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Dear Most Esteemed and Knowledgeable Kitties:

One of my cats had major dental surgery in January. When we adopted her, we found that her teeth were all rotten and had to be removed. Since being on the antibiotic regimen back then, she has had chronic diarrhea. She was put on antibiotics twice to treat it at first and has been on probiotics as well (Culturelle and others), but to no avail. I have her on a chicken and rice diet, and she eats WD dry as well, despite having no teeth. She is hungry all the time, but she has gained weight–before her surgery she was very sick with her infected teeth and was unable to eat well. Any ideas as to how to get rid of the diarrhea? Do I just have to wait it out, as I had to do with another cat a couple of years ago after a similar reaction to antibiotics? I am at a loss.


Siouxsie: Antibiotics are certainly known to cause diarrhea in cats. As well as killing the bacteria that cause infections, they kill the normal bacteria that live in the intestines and help to digest food.

Thomas: Parasites, food intolerance, and chronic conditions like colitis or malabsorption syndrome can also cause diarrhea.

Dahlia: In cases of simple, acute diarrhea, vets often recommend a 24-hour liquid fast, in which you feed the cat only beef broth so it can get the electrolytes and nutrition it needs while allowing the intestines to rest for a while. After fasting the cat for 24 hours, you would gradually transition the cat to canned food and then to solid food.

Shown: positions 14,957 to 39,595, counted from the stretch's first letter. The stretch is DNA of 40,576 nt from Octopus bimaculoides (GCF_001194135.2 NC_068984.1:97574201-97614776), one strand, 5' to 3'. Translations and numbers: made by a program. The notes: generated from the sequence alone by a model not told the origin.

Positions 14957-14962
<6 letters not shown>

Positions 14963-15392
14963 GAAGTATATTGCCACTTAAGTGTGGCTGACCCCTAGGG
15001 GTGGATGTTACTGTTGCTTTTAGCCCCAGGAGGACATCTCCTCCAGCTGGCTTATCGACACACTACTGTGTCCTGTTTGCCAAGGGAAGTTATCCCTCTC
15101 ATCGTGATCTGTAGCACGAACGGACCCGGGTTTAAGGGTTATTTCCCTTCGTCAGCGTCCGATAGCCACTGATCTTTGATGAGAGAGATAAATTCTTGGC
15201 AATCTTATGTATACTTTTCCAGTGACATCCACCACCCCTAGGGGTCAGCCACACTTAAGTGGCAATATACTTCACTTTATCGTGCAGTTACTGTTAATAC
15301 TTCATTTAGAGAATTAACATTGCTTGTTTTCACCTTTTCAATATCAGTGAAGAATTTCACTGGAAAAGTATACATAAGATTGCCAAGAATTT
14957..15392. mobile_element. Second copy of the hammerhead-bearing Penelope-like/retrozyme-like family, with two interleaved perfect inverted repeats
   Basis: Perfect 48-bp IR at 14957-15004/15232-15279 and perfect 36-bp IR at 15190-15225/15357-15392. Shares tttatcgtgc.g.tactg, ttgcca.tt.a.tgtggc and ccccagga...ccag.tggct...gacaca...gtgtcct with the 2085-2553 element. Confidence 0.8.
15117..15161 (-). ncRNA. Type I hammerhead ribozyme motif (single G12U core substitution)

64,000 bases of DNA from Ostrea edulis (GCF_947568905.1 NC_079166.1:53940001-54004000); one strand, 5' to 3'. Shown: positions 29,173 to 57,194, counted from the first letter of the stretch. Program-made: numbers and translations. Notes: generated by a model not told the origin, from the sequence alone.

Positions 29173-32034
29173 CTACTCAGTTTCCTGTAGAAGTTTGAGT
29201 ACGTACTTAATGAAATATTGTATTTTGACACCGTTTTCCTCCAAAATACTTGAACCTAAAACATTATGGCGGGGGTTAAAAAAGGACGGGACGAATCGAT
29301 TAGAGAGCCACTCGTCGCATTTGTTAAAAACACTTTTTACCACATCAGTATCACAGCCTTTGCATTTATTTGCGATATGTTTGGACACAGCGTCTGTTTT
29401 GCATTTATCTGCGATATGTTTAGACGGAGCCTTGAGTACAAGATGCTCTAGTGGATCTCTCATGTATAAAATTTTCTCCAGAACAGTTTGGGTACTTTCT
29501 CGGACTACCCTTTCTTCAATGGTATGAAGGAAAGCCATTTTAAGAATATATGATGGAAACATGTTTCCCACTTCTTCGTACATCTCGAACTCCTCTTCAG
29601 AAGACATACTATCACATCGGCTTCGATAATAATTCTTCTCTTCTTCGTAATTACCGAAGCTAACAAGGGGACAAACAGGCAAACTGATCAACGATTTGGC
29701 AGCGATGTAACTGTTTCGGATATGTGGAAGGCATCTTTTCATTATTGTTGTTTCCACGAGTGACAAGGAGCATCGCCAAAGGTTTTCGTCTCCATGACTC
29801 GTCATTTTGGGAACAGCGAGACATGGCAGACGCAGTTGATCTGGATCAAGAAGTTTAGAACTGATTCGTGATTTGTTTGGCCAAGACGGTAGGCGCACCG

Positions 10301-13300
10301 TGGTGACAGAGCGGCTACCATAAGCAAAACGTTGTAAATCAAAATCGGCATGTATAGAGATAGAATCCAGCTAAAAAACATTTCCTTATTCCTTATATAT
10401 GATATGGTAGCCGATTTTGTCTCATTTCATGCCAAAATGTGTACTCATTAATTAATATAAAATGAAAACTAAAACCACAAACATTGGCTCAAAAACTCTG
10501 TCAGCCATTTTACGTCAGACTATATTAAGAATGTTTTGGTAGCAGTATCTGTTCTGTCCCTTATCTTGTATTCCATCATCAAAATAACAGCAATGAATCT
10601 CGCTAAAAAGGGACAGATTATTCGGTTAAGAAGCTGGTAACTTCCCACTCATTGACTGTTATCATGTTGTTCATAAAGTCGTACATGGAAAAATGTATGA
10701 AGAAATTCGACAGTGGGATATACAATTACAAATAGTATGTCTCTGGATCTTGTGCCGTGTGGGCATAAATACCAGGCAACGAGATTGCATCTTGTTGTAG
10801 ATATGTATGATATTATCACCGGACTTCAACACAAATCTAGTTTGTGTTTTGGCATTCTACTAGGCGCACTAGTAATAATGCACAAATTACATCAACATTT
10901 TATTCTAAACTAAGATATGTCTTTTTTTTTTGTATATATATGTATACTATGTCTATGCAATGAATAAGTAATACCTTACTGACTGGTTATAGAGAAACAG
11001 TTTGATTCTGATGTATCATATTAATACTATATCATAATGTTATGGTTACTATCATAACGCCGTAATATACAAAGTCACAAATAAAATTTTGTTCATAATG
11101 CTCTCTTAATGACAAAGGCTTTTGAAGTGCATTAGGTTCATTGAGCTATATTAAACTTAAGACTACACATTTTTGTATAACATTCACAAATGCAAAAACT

Siouxsie: You did the right thing by giving your cat probiotics, but we wonder if it would be more effective to feed her yogurt rather than giving her probiotic pills. Plain yogurt without any artificial sweeteners or other additives will provide the probiotics your cat needs in order to get her intestines back in order. And it tastes good, too!

Thomas: Have you had a stool sample examined by your vet? Parasites, particularly roundworms and hookworms, can cause diarrhea because they irritate the intestines. Giardia, a protozoal parasite, tends to cause a cat to have watery, incredibly stinky diarrhea. If parasites are part of your cat’s diarrhea issue, proper treatment of the infection will rid your cat of the diarrhea as well.

Dahlia: If your cat is suffering from food intolerance, diarrhea can result. Since you’re feeding her chicken and rice, it’s probably pretty unlikely that she’s having a food intolerance reaction. But you never know!

Siouxsie: However, if food intolerance is suspected, your vet may suggest that you change the type of food you’re feeding her: when using canned food, substitute rabbit or game bird formulas for the common tuna, whitefish, or beef formulas. There are also dry foods that are hypoallergenic because they’re made without grains such as corn that commonly cause food intolerance.

Thomas: Your vet will be able to tell you about prescription diets available to settle your cat’s intestines. You can also try premium cat foods such as Merrick’s Before Grain (our current favorite) dry and canned food, Eagle Pack, or Innova/Evo.

Dahlia: These foods cost more than most, but we eat less of them and absorb more nutrients. As a result, our stools are smaller and don’t smell as bad. And our vet, Doctor Sarah, always raves about how healthy we are and how beautiful our fur is when we go for our checkups!

Siouxsie: Whatever you decide to do, you need to talk to your vet about your cat’s chronic diarrhea.